In American football, a thrown ball that goes forward.

In football's early days, forward passing was illegal, and it still is in football's predecessor sport of rugby. As the game evolved in the first half of the 20th century, the forward pass was legalized with certain restrictions.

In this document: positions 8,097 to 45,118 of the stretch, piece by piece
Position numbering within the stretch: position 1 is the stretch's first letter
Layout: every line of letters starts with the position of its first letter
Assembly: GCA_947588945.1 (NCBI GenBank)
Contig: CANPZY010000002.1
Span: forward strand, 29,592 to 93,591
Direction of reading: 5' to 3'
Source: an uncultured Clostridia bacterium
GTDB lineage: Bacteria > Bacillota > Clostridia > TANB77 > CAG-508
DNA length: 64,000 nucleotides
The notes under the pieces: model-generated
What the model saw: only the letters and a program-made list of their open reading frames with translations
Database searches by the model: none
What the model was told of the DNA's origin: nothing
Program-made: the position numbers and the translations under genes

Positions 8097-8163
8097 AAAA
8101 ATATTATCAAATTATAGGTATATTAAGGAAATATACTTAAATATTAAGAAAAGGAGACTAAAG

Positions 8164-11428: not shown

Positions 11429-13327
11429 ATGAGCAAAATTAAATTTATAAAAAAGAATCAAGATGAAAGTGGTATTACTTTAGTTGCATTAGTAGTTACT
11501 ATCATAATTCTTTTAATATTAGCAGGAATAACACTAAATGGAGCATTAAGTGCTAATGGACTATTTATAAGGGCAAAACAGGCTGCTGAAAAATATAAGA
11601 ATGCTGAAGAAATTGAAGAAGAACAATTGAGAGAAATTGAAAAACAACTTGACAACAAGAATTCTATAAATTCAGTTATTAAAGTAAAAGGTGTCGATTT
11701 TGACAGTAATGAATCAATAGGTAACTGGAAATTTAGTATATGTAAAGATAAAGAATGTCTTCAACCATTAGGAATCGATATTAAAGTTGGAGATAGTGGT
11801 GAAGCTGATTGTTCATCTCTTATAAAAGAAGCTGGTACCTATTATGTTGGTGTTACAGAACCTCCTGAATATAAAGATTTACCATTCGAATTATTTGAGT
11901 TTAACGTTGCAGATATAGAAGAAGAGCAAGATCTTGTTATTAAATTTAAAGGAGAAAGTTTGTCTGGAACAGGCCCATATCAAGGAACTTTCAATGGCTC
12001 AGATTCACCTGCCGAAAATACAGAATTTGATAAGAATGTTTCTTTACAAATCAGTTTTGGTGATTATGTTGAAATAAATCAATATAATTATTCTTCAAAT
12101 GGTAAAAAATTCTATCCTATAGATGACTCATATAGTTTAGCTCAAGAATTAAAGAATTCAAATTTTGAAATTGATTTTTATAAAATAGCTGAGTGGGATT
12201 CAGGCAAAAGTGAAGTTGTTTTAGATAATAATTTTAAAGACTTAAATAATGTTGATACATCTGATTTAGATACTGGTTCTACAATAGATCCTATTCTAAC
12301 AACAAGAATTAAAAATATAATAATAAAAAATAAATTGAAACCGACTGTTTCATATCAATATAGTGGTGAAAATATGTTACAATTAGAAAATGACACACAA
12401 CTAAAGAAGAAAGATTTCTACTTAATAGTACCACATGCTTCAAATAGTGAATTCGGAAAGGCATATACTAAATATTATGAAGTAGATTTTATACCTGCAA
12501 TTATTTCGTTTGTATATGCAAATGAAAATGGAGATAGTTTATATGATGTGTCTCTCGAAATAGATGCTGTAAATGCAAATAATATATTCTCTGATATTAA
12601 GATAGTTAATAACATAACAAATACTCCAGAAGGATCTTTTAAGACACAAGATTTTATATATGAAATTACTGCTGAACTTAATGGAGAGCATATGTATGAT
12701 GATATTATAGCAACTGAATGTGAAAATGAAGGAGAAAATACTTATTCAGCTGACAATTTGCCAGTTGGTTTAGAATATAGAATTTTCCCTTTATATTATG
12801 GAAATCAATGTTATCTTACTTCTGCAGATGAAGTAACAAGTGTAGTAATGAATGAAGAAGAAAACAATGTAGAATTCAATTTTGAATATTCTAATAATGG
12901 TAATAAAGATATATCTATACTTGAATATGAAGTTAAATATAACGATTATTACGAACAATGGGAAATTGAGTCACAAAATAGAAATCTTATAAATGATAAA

In standard American football, passing and running play more or less even roles, depending on the whims of the offensive scheme (there are primarily running offenses and primarily passing offenses). In arena football, the forward pass is virtually the only successful method of advancing the ball; for example, in 2001 one of the top teams in arenafootball2, the Richmond Speed, netted a total of 387 rushing yards for the entire 16-game regular season, or about 24.2 per game, versus 3,692 passing yards, about 230.8 per game (on a 50-yard field).

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